UNITED STATES of America, Plaintiff–Appellee, v. Prince A. STEVENSON, Defendant–Appellant.
A jury found Prince Stevenson guilty of distributing cocaine base (crack), but Stevenson claims that the jury had insufficient evidence to do so. This is a challenging claim to make, of course, because we will overturn a jury verdict for insufficiency of the evidence only if the record is devoid of evidence from which a reasonable jury could find guilt beyond a reasonable doubt. United States v. Aslan, 644 F.3d 526, 540 (7th Cir.2011).
That evidence, which we view in the light most favorable to the government (Id.), is as follows: Sometime in 2008, Stevenson and Mark Woods joined forces to sell drugs. Woods had been the drug supplier to a purchaser named Kelli Quincy, to whom he sold drugs every Wednesday and every other weekend. In July 2008, law enforcement officers learned that Woods intended to sell drugs to Quincy near a Walgreens pharmacy in Jacksonville, Illinois. An officer staked out the location and saw Woods and Quincy meet, but did not arrest either of them.
The following month, the same officer observed Quincy's car at Stevenson's residence. As she drove away, another officer stopped her car and found a crack pipe, a small amount of crack, and her young son in the back seat. Quincy quickly confessed that she had been buying crack regularly from Woods and Stevenson and agreed to work as a confidential informant.
In her role as informant, Quincy purchased crack from Stevenson three times under the careful watch of law enforcement. Law enforcement officers executed each controlled buy similarly. The investigators would meet Quincy at a rural location outside of Jacksonville. There, an investigator would take Quincy's purse and place it in his truck and then watch Quincy as she shook out her clothes and turned out her pockets. Another agent would search the entire car and place an audio and video recording device in the back of the car. The officers gave Quincy money for the drug purchase and then trailed her to the Walgreens parking lot. From there, surveillance officers watched as Stevenson arrived at the parking lot, parked by Quincy's car, entered her car, exited the car, and drove away. Each time, the audio and video equipment caught Stevenson's voice and image. After the exchange, the investigators followed Quincy back to the farm where Quincy turned over the crack and the officers repeated their search of Quincy and the car.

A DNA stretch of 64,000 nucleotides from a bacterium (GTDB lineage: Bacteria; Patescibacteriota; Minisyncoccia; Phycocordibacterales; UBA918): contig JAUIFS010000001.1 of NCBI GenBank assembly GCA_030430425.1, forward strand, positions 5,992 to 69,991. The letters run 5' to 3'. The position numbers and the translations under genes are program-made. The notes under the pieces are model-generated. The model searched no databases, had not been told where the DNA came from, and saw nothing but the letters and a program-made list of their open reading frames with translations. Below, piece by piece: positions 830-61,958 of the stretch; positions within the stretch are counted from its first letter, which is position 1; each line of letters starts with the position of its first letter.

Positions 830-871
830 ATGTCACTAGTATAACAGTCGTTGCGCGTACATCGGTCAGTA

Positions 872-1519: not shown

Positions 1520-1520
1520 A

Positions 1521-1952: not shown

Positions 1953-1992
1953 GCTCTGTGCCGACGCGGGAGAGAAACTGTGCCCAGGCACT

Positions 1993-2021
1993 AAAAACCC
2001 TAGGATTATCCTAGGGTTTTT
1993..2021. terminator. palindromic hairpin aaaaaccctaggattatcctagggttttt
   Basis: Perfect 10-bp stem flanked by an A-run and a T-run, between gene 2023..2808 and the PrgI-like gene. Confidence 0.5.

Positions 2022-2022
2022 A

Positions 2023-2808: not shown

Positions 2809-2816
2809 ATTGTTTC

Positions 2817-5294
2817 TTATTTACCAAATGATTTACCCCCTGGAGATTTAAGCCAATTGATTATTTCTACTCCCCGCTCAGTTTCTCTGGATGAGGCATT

Quincy bought crack in this manner on three occasions. On September 17, 2008, she bought .77 grams of crack and repaid a $90 debt for a total of $190. On September 19, 2008, she bought 1.1 grams of crack for $200, and on September 26, 2008, she paid $200 for one gram of crack.
Stevenson argued to the jury that the government failed to produce sufficient evidence to meet its burden. He contended that in order to convict, the jury would have to believe the testimony of the crack-addicted Quincy, desperate to extricate herself from the bubbling cauldron of her own legal troubles. Stevenson presented a counter-theory that Quincy, looking for a reduced sentence for her own charges, “scraped together some crack” from the floor of her car after she left the farm, and it was this crack that she turned over to law enforcement, claiming it came from Stevenson. (See R. 87, Tr. at 383) 1 . In support of this theory, Stevenson criticized the government for failing to perform a more thorough search of Quincy or use a dog to sniff the car before she left, for not positioning a video camera in the front seat of the car, and for not testing the drug baggies for Stevenson's fingerprints.
The government presented a different story to the jury, demonstrating how officers searched Quincy and her car for drugs and contraband before the controlled buy, but found none (although conceding that they did not check thoroughly Quincy's undergarments or conduct a pat-down search). The government then showed the jury surveillance tape of Quincy meeting Stevenson in a Walgreens parking lot, with Stevenson pulling up next to Quincy's car, getting in the car and exchanging words indicative of a drug deal. “I won't be smoking all of this,” Quincy says. “Okay,” Stevenson replies. During the next transaction, she promises him that he is going to make more money selling drugs to her at a later date. He replies, “Right, I'm gonna—I make money every day with or without you.” Finally, when she suggests that the amount looked small by saying, “Oh, good, we get little baggies,” Stevenson responds, “No, it's good stuff. No that's good stuff.” After the brief exchanges, he quickly leaves the car. Quincy arrived back at the farm without the money and with the drugs in hand. Finally, the government presented evidence that the drugs tested positive for crack cocaine.